Developing a vision statement
A vision statement is a declaration of a shared sense of purpose for the whole school community. It expresses your ideas about what your school will be like in two years time, in ten years time or any time in the future.
A shared vision is an important element within your whole-school approach to environmental education. It will have implications for how your school is organised and the roles that are played by teachers, administrators, parents and students.
There is no formula for what a vision statement should look like, how long it should be or what it should include. It can be a short statement or a more comprehensive explanation of a preferred future.
The following are activities that you may like to use to assist with the development of your vision statement.
A good tool for developing a vision statement is a visioning exercise — involving as many members of the school community and broader community as possible.
Conducting a visioning exercise will help you build a sense of ownership and commitment to sustainability within the school. It can also help you to involve people and organisations from the broader community because it will give them a better understanding of your school’s goals.
Once developed, a vision is not static but is part of a regular cycle of reflection, planning and evaluation. The vision informs and is informed by the goals that follow from it.
‘I have a dream … ’ said Martin Luther King in one of his most famous public speeches.
His dream was a vision shared by millions worldwide. It was a view of the future that enabled people to imagine something beyond the reality of the day. It moved people to work out how they could act to bring the dream to fruition.
Visioning for sustainability
At the Rio Earth Summit in 1992, heads of government from more than 100 countries adopted Agenda 21—a commitment to sustainable development worldwide. Earth Summit brought together more than 30,000 people and was the largest environmental conference ever held.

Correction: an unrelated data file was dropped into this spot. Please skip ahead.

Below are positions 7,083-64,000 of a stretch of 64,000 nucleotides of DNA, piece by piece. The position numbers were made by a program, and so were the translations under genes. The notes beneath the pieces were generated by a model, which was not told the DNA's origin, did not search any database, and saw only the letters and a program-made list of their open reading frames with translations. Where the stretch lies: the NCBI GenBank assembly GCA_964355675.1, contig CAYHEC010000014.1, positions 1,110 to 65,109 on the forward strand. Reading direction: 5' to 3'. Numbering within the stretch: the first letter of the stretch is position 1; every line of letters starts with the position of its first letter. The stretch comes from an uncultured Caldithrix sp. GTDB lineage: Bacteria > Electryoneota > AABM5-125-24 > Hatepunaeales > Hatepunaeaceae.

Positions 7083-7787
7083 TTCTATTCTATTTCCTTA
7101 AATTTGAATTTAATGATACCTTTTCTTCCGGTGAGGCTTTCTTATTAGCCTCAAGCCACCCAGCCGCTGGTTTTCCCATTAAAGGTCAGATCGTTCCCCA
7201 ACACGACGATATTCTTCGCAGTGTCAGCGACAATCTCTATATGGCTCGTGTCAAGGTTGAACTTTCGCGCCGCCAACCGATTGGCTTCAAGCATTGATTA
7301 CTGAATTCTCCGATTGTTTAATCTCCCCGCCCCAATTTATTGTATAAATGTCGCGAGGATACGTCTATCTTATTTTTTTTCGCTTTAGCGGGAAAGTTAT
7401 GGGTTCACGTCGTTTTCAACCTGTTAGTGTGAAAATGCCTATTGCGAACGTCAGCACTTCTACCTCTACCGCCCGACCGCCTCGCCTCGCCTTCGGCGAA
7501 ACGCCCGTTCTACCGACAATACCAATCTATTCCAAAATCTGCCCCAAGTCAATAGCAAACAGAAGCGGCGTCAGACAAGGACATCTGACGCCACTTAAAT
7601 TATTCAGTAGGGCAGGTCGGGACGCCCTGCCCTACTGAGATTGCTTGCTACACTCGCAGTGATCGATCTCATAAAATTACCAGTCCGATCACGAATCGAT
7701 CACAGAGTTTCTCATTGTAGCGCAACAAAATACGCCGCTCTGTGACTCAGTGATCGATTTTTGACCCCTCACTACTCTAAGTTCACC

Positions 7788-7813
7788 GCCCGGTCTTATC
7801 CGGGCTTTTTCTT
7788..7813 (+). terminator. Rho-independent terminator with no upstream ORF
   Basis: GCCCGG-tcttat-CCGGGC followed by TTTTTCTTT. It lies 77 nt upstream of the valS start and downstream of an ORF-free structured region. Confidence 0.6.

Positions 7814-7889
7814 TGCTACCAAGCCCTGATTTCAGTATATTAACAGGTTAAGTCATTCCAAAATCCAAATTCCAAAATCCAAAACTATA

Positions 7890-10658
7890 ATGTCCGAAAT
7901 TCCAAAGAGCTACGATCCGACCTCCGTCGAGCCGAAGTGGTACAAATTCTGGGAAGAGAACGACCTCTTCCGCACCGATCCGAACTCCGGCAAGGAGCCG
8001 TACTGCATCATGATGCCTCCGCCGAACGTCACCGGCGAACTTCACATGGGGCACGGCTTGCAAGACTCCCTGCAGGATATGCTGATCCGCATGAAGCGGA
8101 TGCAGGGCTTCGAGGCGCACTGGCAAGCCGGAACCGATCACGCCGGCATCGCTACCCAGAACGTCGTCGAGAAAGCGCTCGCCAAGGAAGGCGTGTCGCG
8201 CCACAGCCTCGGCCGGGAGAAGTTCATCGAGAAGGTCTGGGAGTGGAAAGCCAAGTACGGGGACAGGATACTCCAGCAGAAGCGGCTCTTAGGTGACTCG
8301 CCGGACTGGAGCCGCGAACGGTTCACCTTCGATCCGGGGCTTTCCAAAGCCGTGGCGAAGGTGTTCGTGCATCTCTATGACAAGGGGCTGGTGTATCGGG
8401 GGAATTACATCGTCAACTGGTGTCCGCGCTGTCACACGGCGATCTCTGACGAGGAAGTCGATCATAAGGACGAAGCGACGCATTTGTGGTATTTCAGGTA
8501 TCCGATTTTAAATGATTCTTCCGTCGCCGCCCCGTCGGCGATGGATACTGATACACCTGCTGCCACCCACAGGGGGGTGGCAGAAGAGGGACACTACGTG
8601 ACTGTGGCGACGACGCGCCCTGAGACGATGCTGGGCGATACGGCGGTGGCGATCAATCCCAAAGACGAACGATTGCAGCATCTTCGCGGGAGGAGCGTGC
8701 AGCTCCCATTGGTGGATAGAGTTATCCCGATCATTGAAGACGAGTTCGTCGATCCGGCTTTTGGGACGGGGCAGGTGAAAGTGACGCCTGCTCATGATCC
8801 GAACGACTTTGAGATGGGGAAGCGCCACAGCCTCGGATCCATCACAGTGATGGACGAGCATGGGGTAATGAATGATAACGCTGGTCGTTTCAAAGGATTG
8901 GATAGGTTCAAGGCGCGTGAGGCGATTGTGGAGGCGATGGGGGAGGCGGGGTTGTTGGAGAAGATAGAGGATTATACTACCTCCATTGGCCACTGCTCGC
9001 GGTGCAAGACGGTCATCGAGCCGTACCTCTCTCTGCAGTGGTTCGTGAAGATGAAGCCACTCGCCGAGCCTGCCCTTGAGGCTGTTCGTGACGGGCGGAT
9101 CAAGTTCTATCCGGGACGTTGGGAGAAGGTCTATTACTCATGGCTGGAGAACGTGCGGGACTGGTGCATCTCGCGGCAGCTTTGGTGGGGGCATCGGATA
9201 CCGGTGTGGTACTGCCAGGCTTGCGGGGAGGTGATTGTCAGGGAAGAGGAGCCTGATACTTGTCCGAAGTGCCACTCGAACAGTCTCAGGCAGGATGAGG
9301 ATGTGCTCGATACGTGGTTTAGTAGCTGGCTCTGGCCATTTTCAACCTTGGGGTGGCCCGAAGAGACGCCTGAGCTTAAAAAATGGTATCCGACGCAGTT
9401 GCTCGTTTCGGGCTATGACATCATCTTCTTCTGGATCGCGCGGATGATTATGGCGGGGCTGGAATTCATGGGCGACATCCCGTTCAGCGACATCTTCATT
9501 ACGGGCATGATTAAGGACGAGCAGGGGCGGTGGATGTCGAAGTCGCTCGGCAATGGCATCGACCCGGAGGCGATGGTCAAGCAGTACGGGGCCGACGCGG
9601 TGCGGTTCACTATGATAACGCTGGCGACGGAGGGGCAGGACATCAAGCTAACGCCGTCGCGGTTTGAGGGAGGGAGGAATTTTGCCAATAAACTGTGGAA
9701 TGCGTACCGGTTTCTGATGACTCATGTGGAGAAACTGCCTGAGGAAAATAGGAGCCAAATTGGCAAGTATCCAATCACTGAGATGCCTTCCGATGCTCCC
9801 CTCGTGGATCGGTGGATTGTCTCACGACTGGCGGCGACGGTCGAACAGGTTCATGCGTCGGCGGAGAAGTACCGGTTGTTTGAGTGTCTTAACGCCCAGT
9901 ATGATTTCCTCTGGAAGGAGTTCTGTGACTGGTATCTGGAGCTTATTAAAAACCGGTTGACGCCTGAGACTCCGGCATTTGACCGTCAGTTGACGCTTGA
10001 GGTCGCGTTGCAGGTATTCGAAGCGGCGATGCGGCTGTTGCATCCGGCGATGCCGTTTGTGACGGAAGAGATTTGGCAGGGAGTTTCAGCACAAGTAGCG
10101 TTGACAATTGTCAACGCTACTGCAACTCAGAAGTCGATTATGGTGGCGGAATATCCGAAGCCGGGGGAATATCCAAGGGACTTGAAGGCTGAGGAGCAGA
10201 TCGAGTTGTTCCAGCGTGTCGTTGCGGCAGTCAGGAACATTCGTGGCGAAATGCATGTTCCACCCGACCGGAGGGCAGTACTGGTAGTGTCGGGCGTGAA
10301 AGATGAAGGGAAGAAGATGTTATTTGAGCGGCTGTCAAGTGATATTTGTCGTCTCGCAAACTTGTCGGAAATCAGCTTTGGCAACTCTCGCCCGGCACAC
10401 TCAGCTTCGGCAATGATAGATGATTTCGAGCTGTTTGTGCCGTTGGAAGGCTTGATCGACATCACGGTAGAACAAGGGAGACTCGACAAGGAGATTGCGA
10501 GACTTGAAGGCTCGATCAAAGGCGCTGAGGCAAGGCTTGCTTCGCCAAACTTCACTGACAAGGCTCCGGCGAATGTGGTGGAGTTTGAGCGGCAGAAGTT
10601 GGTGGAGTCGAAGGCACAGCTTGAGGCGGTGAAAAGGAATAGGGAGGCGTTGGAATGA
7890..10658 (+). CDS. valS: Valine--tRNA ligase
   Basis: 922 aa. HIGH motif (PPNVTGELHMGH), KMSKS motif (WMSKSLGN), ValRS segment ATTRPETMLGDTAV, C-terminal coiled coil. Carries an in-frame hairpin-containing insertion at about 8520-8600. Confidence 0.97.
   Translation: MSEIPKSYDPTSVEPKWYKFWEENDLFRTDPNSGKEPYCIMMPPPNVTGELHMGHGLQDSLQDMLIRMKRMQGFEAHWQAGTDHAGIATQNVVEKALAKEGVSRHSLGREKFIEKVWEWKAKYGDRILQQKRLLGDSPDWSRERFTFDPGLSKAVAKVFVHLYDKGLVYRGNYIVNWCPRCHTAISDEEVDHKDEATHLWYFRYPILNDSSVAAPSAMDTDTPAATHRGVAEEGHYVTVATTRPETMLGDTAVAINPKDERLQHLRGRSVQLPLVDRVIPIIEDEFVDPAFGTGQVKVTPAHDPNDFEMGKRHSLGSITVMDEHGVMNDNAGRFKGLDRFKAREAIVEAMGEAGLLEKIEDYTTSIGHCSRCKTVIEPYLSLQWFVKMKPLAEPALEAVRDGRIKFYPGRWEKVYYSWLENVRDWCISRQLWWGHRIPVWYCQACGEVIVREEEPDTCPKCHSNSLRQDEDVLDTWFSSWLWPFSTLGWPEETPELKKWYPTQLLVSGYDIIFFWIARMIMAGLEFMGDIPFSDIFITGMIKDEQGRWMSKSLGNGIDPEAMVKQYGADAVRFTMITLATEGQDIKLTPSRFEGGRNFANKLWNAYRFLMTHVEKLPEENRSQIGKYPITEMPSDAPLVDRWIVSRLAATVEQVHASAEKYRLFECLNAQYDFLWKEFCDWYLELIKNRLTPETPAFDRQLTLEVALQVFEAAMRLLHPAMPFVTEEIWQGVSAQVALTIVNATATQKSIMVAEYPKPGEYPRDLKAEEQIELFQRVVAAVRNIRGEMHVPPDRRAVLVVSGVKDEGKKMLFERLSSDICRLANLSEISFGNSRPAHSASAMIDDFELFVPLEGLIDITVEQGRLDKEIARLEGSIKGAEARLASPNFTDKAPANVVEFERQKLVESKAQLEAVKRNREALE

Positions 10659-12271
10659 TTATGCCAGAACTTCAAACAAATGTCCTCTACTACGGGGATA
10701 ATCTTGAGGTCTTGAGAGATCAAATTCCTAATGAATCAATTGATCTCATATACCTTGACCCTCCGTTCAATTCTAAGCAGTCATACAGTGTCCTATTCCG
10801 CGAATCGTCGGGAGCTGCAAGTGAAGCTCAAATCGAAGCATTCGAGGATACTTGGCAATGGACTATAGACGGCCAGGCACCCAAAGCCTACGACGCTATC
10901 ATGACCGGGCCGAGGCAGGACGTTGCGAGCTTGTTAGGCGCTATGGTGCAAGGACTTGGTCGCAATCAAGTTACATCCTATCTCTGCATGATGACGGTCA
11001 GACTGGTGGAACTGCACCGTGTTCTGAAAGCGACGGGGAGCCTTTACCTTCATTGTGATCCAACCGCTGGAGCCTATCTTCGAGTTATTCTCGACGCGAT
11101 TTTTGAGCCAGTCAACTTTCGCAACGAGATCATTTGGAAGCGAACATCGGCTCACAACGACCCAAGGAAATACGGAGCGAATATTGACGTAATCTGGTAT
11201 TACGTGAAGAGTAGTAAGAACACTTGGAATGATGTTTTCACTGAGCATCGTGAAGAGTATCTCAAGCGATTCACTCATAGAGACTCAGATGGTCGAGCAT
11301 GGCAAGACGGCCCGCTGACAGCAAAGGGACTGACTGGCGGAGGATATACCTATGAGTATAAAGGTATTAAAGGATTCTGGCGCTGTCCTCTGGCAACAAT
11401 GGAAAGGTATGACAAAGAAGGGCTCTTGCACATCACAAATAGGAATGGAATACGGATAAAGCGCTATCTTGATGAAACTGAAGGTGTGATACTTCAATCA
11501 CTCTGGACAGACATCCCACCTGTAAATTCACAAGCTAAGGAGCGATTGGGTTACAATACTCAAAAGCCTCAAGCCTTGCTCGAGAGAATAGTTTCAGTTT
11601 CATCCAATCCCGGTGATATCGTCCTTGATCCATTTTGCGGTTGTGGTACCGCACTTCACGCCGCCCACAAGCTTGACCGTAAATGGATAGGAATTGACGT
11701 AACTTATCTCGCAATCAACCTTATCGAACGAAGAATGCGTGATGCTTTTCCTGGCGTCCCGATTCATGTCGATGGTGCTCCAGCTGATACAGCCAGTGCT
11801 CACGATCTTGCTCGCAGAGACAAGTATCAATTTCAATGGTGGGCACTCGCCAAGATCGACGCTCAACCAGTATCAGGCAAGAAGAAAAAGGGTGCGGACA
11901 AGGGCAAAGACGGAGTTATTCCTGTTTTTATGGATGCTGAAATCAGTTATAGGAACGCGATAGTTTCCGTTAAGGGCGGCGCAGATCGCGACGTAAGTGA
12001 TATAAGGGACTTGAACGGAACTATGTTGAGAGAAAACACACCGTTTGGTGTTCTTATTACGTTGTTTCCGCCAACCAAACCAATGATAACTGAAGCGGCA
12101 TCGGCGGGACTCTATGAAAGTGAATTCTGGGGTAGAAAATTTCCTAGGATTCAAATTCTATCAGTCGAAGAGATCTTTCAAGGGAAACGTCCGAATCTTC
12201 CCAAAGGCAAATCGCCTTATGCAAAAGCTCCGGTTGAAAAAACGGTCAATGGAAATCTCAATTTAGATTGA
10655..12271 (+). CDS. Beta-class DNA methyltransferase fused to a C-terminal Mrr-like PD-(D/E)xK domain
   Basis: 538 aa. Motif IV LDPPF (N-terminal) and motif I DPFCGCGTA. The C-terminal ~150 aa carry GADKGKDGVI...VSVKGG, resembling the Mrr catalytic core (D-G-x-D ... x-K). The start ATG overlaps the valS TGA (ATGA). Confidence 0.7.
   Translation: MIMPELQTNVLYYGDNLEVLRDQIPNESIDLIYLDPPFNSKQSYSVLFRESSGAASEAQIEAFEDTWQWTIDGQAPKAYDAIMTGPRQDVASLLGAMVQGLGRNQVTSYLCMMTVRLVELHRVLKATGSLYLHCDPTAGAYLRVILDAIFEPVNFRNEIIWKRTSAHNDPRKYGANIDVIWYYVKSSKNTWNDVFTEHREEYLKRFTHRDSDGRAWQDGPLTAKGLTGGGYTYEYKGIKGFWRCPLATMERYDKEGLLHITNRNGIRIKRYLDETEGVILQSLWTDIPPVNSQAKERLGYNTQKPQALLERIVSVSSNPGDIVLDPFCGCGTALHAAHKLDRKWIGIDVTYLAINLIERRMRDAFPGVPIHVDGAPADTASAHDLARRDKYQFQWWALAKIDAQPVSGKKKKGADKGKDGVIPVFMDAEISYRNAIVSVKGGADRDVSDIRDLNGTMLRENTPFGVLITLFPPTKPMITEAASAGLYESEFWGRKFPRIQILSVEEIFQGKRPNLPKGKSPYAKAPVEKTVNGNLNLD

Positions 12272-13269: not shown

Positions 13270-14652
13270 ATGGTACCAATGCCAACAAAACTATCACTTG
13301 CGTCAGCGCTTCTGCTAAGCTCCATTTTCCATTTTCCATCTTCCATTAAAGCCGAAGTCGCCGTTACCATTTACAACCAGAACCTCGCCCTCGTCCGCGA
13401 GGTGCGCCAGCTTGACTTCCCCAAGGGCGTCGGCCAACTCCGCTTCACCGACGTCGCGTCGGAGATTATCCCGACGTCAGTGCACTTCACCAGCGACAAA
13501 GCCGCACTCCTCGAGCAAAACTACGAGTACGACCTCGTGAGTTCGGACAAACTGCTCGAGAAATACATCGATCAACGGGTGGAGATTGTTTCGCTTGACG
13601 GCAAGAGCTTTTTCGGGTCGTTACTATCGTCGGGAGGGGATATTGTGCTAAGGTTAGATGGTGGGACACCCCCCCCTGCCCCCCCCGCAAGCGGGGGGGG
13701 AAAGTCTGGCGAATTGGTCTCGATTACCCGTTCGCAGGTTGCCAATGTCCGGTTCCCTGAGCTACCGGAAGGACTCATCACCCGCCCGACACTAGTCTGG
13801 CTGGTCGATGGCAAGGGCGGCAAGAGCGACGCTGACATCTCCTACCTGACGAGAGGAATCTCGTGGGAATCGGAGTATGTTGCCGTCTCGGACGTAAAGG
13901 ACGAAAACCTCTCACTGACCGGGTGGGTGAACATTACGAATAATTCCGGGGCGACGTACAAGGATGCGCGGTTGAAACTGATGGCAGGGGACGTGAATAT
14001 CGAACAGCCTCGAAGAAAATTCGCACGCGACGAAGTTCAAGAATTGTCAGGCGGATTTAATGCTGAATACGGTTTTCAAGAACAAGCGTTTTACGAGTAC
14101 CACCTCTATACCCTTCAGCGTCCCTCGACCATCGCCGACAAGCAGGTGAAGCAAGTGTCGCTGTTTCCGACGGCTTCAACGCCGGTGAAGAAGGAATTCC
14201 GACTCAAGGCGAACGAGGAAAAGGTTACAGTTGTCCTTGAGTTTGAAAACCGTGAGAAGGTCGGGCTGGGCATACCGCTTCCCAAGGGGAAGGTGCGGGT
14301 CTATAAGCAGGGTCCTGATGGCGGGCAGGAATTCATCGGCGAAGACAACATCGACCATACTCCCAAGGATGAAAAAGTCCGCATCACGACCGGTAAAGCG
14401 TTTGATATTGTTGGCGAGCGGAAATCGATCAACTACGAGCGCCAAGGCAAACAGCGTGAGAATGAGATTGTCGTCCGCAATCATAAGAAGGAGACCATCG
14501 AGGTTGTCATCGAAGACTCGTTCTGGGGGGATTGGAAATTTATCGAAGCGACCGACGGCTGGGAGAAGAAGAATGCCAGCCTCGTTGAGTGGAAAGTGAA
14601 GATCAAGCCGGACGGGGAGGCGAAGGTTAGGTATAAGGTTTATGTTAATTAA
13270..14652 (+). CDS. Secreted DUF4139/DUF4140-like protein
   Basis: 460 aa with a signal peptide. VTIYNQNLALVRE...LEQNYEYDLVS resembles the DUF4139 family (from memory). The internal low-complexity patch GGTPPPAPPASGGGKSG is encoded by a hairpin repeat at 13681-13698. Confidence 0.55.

Agenda 21 is a framework on how to make development in the 21st century socially, economically and environmentally sustainable. Governments, non-governmental organisations, industry and the community are all encouraged to become involved. Agenda 21 provides a framework for tackling today’s social and environmental problems, including air pollution, deforestation, biodiversity loss, health, overpopulation, poverty, energy consumption, waste production and transport issues. This goal is summarised as ‘ecologically sustainable development’ or ESD.
To become an ecologically sustainable society we have to make significant and long-term changes to the way we do ‘business as usual’, so that the ecological processes on which we depend are maintained. In order to make these changes we need to establish a pathway that will deliver us to a shared sustainable vision to encourage and steer our progress.
Becoming a Sustainable School
Developing a shared vision is a vital part of the process of becoming a Sustainable School. As part of this process you could consider the following questions:
- Where are we now? (Describe the school today)
- What’s coming up? (What are the relevant emerging issues or impacts that are affecting our school, our community and the environment?)
- Where do we want to be? (What is our shared vision?)